(Beta) Xenomai 3.0.5 on Ubuntu 14.04/16.04

These instructions demonstrates how to build a Cobalt Core for Xenomai 3.0.5.

Official documentation is available at https://xenomai.org/installing-xenomai-3-x/

Allow non-root users

sudo addgroup xenomai --gid 1234
sudo addgroup root xenomai
sudo usermod -a -G xenomai $USER


If the addgroup command fails (ex: GID xenomai is already in use), change it to a different random value, and report it in the next section.

Configure GRUB and reboot

Edit the grub config :

sudo nano /etc/default/grub
GRUB_DEFAULT="Advanced options for Ubuntu>Ubuntu, with Linux 4.9.38-xenomai-3.0.5"
# Comment the following lines
GRUB_CMDLINE_LINUX_DEFAULT="quiet splash xenomai.allowed_group=1234"


Please note the xenomai group (here 1234) should match what you set above (allow non-root users).


noapic option might be added if the screen goes black at startup and you can’t boot.

If you have an Intel HD Graphics integrated GPU (any type) :

GRUB_CMDLINE_LINUX_DEFAULT="quiet splash i915.enable_rc6=0 i915.enable_dc=0 noapic xenomai.allowed_group=1234"
# This removes powersavings from the graphics, that creates disturbing interruptions.

If you have an Intel Skylake (2015 processors), you need to add nosmap to fix the latency hang (https://xenomai.org/pipermail/xenomai/2016-October/036787.html) :

GRUB_CMDLINE_LINUX_DEFAULT="quiet splash i915.enable_rc6=0 i915.enable_dc=0 xeno_nucleus.xenomai_gid=1234 nosmap"

Update GRUB and reboot

sudo update-grub
sudo reboot

Installing Xenomai 3.0.5 User space libraries

First, make sure that you are running the cobalt kernel :

uname -a
# Should return Linux waro-rt 4.9.38-xenomai-3.0.5 #2 SMP Wed Sep 20 16:00:12 CEST 2017 x86_64 x86_64 x86_64 GNU/Linux
dmesg | grep Xenomai
# [    1.417024] [Xenomai] scheduling class idle registered.
# [    1.417025] [Xenomai] scheduling class rt registered.
# [    1.417045] [Xenomai] disabling automatic C1E state promotion on Intel processor
# [    1.417055] [Xenomai] SMI-enabled chipset found, but SMI workaround disabled
# [    1.417088] I-pipe: head domain Xenomai registered.
# [    1.417704] [Xenomai] allowing access to group 1234
# [    1.417726] [Xenomai] Cobalt v3.0.5 (Sisyphus's Boulder) [DEBUG]
cd xenomai-3.0.5
./configure --with-pic --with-core=cobalt --enable-smp --disable-tls --enable-dlopen-libs --disable-clock-monotonic-raw
make -j`nproc`
sudo make install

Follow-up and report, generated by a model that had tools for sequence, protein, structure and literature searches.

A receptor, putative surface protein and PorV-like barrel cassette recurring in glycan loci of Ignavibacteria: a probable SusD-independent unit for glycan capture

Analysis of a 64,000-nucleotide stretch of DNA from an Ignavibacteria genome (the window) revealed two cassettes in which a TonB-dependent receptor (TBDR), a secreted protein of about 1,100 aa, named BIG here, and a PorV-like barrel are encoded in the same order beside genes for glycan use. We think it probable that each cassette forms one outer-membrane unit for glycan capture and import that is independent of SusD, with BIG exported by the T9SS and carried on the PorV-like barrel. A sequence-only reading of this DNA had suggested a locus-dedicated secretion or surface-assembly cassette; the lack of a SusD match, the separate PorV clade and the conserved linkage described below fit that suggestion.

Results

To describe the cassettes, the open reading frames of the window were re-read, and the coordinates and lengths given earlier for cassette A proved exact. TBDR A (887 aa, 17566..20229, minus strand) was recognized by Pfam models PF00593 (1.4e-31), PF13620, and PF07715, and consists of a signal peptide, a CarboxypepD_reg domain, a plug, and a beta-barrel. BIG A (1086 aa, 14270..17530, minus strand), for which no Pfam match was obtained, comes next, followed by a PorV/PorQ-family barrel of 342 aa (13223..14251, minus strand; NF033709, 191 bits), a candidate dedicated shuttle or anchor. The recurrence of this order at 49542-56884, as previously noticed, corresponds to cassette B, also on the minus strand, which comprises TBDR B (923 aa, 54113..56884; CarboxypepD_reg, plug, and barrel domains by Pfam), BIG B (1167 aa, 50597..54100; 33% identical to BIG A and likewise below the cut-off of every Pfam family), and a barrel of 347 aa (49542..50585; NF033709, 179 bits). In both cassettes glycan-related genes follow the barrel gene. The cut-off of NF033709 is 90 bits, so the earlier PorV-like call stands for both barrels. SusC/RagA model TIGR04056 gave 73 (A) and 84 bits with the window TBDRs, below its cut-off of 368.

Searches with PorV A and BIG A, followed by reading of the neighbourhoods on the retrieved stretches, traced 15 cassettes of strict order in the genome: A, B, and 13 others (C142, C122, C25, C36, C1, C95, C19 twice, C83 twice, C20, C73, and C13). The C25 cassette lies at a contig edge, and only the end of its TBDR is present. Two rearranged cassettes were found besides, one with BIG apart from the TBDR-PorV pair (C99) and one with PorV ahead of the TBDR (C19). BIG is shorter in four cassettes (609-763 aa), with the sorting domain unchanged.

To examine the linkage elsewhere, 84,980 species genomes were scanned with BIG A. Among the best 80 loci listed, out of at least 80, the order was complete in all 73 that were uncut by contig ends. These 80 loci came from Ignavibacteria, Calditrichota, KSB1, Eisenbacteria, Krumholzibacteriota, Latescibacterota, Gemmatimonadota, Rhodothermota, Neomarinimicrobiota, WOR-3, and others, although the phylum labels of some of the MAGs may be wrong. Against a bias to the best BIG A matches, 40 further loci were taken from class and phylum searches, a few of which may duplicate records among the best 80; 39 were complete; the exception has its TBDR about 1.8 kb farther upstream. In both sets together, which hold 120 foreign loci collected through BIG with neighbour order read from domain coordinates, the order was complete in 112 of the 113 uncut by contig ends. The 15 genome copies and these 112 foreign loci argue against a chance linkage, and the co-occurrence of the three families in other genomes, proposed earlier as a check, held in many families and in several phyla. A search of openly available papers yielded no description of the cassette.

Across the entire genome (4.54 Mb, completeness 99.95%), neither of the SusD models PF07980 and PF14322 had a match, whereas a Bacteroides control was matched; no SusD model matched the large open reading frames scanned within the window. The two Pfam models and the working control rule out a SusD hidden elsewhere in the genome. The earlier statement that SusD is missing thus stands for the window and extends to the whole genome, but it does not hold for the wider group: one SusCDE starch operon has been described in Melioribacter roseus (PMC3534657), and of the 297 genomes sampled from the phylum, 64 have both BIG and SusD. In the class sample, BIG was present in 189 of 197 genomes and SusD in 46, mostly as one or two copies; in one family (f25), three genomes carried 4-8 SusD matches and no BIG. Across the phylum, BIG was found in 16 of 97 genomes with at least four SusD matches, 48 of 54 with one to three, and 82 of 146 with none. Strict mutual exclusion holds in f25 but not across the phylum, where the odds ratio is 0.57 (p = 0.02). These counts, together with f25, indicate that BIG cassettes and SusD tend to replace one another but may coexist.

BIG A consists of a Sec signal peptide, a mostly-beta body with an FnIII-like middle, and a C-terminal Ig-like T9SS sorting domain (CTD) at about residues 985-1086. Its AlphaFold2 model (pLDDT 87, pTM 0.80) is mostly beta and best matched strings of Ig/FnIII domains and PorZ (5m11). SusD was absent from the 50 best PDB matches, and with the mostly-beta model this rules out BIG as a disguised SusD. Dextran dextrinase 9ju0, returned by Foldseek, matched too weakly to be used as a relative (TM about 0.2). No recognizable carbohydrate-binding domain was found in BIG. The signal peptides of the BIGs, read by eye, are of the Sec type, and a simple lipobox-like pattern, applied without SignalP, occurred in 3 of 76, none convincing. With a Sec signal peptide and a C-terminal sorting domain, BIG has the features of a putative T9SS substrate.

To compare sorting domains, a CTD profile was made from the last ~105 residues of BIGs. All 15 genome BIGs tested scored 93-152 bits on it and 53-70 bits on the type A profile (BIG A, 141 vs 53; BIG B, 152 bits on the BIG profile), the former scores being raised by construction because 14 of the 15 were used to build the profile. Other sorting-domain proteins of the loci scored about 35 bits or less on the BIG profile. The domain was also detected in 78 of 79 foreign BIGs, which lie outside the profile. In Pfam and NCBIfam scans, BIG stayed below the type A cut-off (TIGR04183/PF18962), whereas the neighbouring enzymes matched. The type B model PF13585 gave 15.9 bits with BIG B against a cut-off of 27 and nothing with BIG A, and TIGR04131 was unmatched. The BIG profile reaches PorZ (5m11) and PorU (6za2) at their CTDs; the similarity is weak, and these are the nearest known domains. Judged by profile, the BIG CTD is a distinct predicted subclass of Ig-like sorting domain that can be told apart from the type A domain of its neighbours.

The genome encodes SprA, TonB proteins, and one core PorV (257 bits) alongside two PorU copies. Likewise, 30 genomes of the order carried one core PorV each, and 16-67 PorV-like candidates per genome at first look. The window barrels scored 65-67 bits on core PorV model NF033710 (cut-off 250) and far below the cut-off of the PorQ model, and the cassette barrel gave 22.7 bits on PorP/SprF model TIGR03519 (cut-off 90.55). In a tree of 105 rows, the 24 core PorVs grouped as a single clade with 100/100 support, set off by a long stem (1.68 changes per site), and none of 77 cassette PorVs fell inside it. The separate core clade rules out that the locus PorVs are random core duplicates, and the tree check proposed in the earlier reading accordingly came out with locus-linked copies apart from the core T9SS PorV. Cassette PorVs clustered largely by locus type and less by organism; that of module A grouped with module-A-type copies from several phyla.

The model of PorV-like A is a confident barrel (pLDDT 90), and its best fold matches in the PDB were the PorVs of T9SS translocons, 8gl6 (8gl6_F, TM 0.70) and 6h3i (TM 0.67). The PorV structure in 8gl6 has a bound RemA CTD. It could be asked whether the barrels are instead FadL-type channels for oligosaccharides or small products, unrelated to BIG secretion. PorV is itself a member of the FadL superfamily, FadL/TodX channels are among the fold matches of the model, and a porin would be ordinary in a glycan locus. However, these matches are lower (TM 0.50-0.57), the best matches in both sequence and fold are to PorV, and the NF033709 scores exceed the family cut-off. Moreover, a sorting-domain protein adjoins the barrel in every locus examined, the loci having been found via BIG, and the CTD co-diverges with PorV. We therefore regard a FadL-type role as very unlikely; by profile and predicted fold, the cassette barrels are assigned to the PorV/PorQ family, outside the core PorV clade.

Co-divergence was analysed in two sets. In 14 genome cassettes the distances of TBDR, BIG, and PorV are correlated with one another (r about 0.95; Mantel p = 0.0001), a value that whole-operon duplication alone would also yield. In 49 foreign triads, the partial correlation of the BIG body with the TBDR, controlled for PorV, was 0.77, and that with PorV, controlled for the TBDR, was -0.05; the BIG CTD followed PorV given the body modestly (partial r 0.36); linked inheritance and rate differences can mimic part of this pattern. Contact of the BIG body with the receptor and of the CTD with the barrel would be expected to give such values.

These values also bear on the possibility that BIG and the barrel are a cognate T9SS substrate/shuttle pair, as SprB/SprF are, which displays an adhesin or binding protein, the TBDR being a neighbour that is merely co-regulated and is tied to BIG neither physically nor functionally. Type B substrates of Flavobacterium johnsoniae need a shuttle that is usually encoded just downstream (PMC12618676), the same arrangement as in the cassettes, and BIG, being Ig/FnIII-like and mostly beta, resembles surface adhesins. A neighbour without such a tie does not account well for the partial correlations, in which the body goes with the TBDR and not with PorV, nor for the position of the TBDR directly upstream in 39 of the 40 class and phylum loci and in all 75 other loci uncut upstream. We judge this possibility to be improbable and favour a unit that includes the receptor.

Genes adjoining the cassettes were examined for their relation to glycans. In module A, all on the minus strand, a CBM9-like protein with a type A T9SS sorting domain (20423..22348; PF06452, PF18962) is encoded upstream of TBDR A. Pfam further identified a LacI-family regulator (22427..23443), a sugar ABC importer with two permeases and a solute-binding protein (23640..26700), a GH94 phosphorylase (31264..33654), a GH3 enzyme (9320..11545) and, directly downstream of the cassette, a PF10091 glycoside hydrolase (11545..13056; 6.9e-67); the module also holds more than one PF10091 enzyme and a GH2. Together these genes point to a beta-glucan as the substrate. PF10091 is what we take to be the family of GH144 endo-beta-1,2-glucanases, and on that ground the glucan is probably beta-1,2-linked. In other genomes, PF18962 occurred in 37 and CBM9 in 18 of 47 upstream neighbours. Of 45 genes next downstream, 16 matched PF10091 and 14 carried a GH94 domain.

# --disable-clock-monotonic-raw : http://xenomai.org/pipermail/xenomai/2017-September/037695.html

Prevent Gazebo compiling issues

Proper fix : use Xenomai git repo

The issue has been fixed with commits 5ec8be8 and 1ed69a6.

git clone https://git.xenomai.org/xenomai-3.git
cd xenomai-3
./configure --with-pic --with-core=cobalt --enable-smp --disable-tls --enable-dlopen-libs
make -j`nproc`
sudo make install

Hack with v3.0.5

Gazebo won’t compile because of some conflicting macros ( clz() ) present in libtbb and libcobalt. Remove this macro from xenomai to hack-fix it. It is only used in xenomai internals so won’t cause any issue in user-land. use this hack only if you install xenomai from the 3.0.5 package, not the git repo.

# http://xenomai.org/pipermail/xenomai/2017-September/037729.html
sudo sed -i 's/clz/__clz/g' /usr/xenomai/include/boilerplate/compiler.h

Update your bashrc

echo '
### Xenomai
export XENOMAI_ROOT_DIR=/usr/xenomai
export XENOMAI_PATH=/usr/xenomai
export OROCOS_TARGET=xenomai
' >> ~/.xenomai_rc

echo 'source ~/.xenomai_rc' >> ~/.bashrc
source ~/.bashrc

Test your installation

xeno latency

This loop will allow you to monitor a xenomai latency. Here’s the output for a i7 4Ghz :

== Sampling period: 100 us
== Test mode: periodic user-mode task
== All results in microseconds
warming up...
RTT|  00:00:01  (periodic user-mode task, 100 us period, priority 99)
RTH|----lat min|----lat avg|----lat max|-overrun|---msw|---lat best|--lat worst
RTD|      0.174|      0.464|      1.780|       0|     0|      0.174|      1.780
RTD|      0.088|      0.464|      1.357|       0|     0|      0.088|      1.780
RTD|      0.336|      0.464|      1.822|       0|     0|      0.088|      1.822
RTD|      0.342|      0.464|      1.360|       0|     0|      0.088|      1.822
RTD|      0.327|      0.462|      2.297|       0|     0|      0.088|      2.297
RTD|      0.347|      0.463|      1.313|       0|     0|      0.088|      2.297
RTD|      0.314|      0.464|      1.465|       0|     0|      0.088|      2.297
RTD|      0.190|      0.464|      1.311|       0|     0|      0.088|      2.297


To get pertinent results, you need to stress your system while running the latency test. The latency has to be stable even if the system is under load.

sudo apt install stress
# Using stress
stress -v -c 8 -i 10 -d 8

Fix negative latency issues

You need to be in root sudo -s, then you can set values to the latency calibration variable in nanoseconds:

$ echo 0 > /proc/xenomai/latency
# Now run the latency test

# If the minimum latency value is positive,
# then get the lowest value from the latency test (ex: 0.088 us)
# and write it to the calibration file ( here you have to write 88 ns) :
$ echo my_super_value_in_ns > /proc/xenomai/latency

Source : https://xenomai.org/pipermail/xenomai/2007-May/009063.html